Tuesday, November 10, 2015

Some Alabama Hauntings, Briefly Noted

This entry was originally posted 16 January 2013, it has been edited and expanded a bit.

Bama Theatre
600 Greensboro Avenue

Architect David O. Whilldin employed a theme of simplicity versus the exotic in his design for the Bama Theatre. The façade of the theatre utilizes limestone (a stone believed to possibly conduct paranormal energy) cut in the simplified geometry of Art Deco and Moderne lines. Step into the lobby though, and a patron will find themselves immersed in the exuberance of an Italian Renaissance courtyard modeled on that of the Davanzati Palace in Florence. Perhaps Whilldin’s theme was meant to illustrate the condition of so many Americans during the Great Depression: leading simple and austere lives on the outside with vivacious, imaginative and highly cultured lives inside. Opening in 1938 and built with funds from the Works Progress Administration, the Bama Theatre can be considered one of the last of the great American atmospheric movie palaces.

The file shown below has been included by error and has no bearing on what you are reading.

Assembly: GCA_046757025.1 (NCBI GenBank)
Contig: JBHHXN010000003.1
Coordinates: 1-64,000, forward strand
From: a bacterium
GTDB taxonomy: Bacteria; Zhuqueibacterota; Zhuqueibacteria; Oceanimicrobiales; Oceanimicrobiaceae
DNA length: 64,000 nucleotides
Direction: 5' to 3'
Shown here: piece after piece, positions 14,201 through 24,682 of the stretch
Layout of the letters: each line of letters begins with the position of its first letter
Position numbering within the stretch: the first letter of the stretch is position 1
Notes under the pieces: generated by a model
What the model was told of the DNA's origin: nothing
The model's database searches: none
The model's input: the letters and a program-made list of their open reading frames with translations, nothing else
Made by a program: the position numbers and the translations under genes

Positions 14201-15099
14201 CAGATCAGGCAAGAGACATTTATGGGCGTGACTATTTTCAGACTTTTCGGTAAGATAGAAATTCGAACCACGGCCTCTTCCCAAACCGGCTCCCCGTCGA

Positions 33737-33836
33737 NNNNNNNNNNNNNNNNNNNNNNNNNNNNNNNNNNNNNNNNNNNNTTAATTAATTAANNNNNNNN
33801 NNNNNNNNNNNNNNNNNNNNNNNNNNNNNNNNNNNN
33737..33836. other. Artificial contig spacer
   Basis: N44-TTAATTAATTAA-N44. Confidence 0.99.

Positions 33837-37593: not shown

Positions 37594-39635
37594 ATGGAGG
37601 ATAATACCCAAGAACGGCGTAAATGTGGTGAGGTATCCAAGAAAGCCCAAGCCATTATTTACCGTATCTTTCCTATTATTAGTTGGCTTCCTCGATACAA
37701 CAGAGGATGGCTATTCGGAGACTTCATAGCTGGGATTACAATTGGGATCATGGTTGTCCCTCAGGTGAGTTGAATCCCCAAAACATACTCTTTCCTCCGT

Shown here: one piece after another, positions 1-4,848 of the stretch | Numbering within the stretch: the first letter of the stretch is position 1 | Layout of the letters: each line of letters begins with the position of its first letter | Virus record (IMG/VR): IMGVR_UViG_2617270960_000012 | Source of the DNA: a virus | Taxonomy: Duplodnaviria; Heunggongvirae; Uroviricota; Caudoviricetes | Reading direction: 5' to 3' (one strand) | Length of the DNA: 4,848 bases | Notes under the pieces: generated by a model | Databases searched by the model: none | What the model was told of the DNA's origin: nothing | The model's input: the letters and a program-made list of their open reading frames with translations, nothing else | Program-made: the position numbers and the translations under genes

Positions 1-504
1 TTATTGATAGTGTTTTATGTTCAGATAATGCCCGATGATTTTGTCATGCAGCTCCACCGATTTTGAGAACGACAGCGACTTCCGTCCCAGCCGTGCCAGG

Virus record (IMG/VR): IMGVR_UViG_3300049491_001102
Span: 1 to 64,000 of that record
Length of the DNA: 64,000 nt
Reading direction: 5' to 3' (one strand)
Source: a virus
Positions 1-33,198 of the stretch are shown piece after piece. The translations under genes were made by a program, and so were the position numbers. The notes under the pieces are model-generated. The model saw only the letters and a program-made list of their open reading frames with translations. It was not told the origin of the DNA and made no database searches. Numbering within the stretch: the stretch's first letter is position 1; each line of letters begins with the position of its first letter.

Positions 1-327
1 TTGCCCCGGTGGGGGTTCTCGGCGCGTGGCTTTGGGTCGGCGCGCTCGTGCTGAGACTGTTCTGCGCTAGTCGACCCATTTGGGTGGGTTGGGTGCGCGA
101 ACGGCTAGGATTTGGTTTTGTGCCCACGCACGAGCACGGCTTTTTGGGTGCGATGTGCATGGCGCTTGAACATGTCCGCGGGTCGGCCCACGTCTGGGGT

Marquee of the Bama Theatre, 2010, by Carol M. Highsmith.
Courtesy of the George F. Landegger Collection of Alabama
Photographs in Carol M. Highsmith's America, Library of Congress,
Prints and Photographs Division.

The identities of the spirits at the Bama Theatre are mysterious. While research into the theatre’s past has revealed no deaths to link to the haunting, this may be a case of residual energy remaining after years of crowds visiting the theatre. One particularly interesting story from the theatre involves an employee who arrived early one morning. As he was making coffee, he heard the elevator moving. He stood at the doors expecting to greet the rider but when the doors opened, he was greeted with a blast of icy air. This is perhaps the most chilling of the paranormal events in this building. Others working in the building have reported shadow figures, odd lights, and the distinct feeling of being watched. The building was investigated by the Alabama Paranormal Research Team in recent years, though little evidence to support a haunting was uncovered.

Alabama Paranormal Research Team. Investigation Report on The Bama
     Theatre, Tuscaloosa, AL. Accessed 29 November 2012.
Higdon, David & Brett J. Talley. Haunted Tuscaloosa. Charleston, SC:
     History Press, 2012.
“Our History.” Bama Theatre. Accessed 4 May 2013.

Bluff Hall
405 North Commissioners Avenue